Even though women produce one-seventh of the testosterone that men do, the hormone is vital to maintaining several female functions. Testosterone is produced in the ovaries and the adrenal glands, and it is helps to regulate mood, menstruation, and sexual health. During menopause, however, the body's production of testosterone and other hormones drops drastically. In the case of testosterone, it can drop to around half of its premenopausal level, causing women to experience an array of unpleasant symptoms.
Keep reading below to learn more about four ways erratic testosterone levels affect menopause.
Testosterone is commonly identified as the hormone responsible for male arousal, but it also plays an important role in female libido. Studies suggest that women with low testosterone levels caused by menopause may experience decreased sexual desire, lower levels of arousal, and a lack of enjoyment of intercourse. In addition, orgasms may become infrequent. Maintaining healthy levels of testosterone and other hormones is critical to your sexual health.
When hormones become out of sync, extreme fluctuations in mood can occur during menopause and result in a mood swing meltdown. Famously nicknamed the “personality hormone”, testosterone plays an important role in regulating mood and emotions.
Erratic testosterone levels - as well as imbalanced estrogen and progesterone levels - may lead to menopausal mood swings. Testosterone imbalance is commonly linked to emotions of anger or hostility, which may be an early sign of depression.
Weight gain is a common menopausal symptom, affecting about 90% of women. It is known that obesity is linked to low estrogen levels in middle-age women, but low testosterone levels may be partly to blame for converting muscle into fat and producing a subsequent change in body shape.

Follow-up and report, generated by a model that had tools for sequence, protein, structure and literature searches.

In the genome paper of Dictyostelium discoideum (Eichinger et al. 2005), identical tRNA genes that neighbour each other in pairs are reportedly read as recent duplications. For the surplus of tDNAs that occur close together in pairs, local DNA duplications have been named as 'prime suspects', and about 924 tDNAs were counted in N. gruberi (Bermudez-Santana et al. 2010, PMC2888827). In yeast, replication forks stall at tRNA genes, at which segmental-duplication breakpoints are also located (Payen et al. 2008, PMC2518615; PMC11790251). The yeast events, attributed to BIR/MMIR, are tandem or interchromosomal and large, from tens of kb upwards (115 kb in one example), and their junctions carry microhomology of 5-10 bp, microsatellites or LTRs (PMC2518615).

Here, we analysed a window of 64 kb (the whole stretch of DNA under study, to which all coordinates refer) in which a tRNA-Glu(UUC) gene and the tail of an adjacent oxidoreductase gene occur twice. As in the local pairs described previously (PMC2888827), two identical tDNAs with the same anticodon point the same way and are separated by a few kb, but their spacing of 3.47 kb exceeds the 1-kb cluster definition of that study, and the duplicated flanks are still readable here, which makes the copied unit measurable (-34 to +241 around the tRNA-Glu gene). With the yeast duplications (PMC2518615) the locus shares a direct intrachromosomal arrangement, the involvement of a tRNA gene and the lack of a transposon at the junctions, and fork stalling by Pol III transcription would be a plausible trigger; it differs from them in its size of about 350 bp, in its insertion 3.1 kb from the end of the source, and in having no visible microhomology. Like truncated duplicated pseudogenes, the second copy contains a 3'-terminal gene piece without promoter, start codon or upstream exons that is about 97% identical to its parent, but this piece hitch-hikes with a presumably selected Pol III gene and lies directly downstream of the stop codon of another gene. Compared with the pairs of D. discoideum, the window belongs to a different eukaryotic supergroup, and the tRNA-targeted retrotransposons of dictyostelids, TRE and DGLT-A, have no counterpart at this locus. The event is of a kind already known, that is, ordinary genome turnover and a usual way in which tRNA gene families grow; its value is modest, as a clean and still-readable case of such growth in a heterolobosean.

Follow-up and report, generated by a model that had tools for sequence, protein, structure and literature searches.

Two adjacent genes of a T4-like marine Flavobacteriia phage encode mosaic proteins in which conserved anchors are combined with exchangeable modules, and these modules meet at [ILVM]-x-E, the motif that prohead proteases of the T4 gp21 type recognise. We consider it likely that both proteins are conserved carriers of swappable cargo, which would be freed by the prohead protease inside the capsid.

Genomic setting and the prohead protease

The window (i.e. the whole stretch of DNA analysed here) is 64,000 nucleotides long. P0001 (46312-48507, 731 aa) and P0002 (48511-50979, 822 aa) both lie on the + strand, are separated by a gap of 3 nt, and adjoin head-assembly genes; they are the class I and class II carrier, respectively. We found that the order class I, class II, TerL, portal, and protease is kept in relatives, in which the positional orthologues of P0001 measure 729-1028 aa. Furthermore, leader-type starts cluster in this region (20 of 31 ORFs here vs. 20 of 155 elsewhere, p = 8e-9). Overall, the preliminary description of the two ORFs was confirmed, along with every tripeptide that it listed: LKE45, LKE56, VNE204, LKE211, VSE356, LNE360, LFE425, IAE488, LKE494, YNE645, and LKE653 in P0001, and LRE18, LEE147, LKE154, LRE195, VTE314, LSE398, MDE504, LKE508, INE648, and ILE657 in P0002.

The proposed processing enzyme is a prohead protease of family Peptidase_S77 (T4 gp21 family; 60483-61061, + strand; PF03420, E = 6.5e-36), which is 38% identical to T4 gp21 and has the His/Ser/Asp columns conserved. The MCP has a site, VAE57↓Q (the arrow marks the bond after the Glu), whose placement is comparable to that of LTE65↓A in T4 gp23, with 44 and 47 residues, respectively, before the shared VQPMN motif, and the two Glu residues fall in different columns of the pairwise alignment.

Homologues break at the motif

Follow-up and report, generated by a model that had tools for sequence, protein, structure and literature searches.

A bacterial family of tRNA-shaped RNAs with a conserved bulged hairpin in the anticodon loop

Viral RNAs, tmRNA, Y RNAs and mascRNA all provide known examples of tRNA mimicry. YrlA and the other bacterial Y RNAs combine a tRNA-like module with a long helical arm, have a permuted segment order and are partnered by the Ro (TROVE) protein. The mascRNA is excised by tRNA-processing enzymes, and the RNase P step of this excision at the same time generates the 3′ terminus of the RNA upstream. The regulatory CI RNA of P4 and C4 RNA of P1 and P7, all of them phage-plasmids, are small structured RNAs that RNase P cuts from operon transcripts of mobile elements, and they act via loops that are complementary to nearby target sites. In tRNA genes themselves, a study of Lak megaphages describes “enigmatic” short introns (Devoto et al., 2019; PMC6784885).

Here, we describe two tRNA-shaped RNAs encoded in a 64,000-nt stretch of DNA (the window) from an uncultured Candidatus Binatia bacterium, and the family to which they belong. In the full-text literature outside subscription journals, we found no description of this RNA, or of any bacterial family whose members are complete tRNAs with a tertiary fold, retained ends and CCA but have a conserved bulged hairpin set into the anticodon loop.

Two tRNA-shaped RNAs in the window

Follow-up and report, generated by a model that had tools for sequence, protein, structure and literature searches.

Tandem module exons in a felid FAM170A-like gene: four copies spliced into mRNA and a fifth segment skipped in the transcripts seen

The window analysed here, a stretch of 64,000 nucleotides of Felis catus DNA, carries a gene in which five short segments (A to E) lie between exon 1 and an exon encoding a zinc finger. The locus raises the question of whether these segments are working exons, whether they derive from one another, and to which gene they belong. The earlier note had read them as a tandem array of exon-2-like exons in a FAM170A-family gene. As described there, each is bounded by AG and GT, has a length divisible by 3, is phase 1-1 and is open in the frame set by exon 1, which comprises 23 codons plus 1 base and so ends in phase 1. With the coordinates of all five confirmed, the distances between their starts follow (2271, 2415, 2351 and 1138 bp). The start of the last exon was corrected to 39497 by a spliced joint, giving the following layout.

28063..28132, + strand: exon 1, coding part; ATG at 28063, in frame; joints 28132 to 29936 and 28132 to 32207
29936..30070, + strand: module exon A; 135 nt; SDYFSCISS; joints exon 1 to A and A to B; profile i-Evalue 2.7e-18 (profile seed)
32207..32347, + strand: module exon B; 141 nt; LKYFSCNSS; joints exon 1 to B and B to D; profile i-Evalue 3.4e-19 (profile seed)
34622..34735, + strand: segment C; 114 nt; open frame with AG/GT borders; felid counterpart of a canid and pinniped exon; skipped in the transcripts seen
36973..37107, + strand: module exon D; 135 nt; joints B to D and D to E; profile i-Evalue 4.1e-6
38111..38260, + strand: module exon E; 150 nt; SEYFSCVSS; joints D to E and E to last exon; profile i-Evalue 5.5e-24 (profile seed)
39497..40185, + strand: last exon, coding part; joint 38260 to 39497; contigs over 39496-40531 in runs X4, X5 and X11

Menopausal women are constantly reminded of calcium's importance in fighting the onset of osteoporosis. Maintaining healthy testosterone levels also helps to prevent bone fractures and breaks, since this hormone plays a role in regulating bone growth and strengthening bone density.
Women suffering from menopausal symptoms caused by fluctuating testosterone levels may seek treatment to restore normal hormone balance and to protect their health. There are three types of treatment for hormonal imbalance: diet and lifestyle changes, alternative medicine, and medication. Click here for more information about testosterone and hormone imbalance treatments during menopause.
It may be shocking for some women to learn that it is not only men who have testosterone, but that they also produce this hormone. A woman's ovaries... (...)
Some women are surprised to hear that they produce too much testosterone, and that it isn't just a hormone for men. (...)
A better understanding of how your body works will help you cope with hormonal fluctuations.
Detecting symptoms of hormonal imbalance can prevent you from developing serious conditions.
Implement simple lifestyle changes and natural approaches to prevent, manage, and relieve symptoms.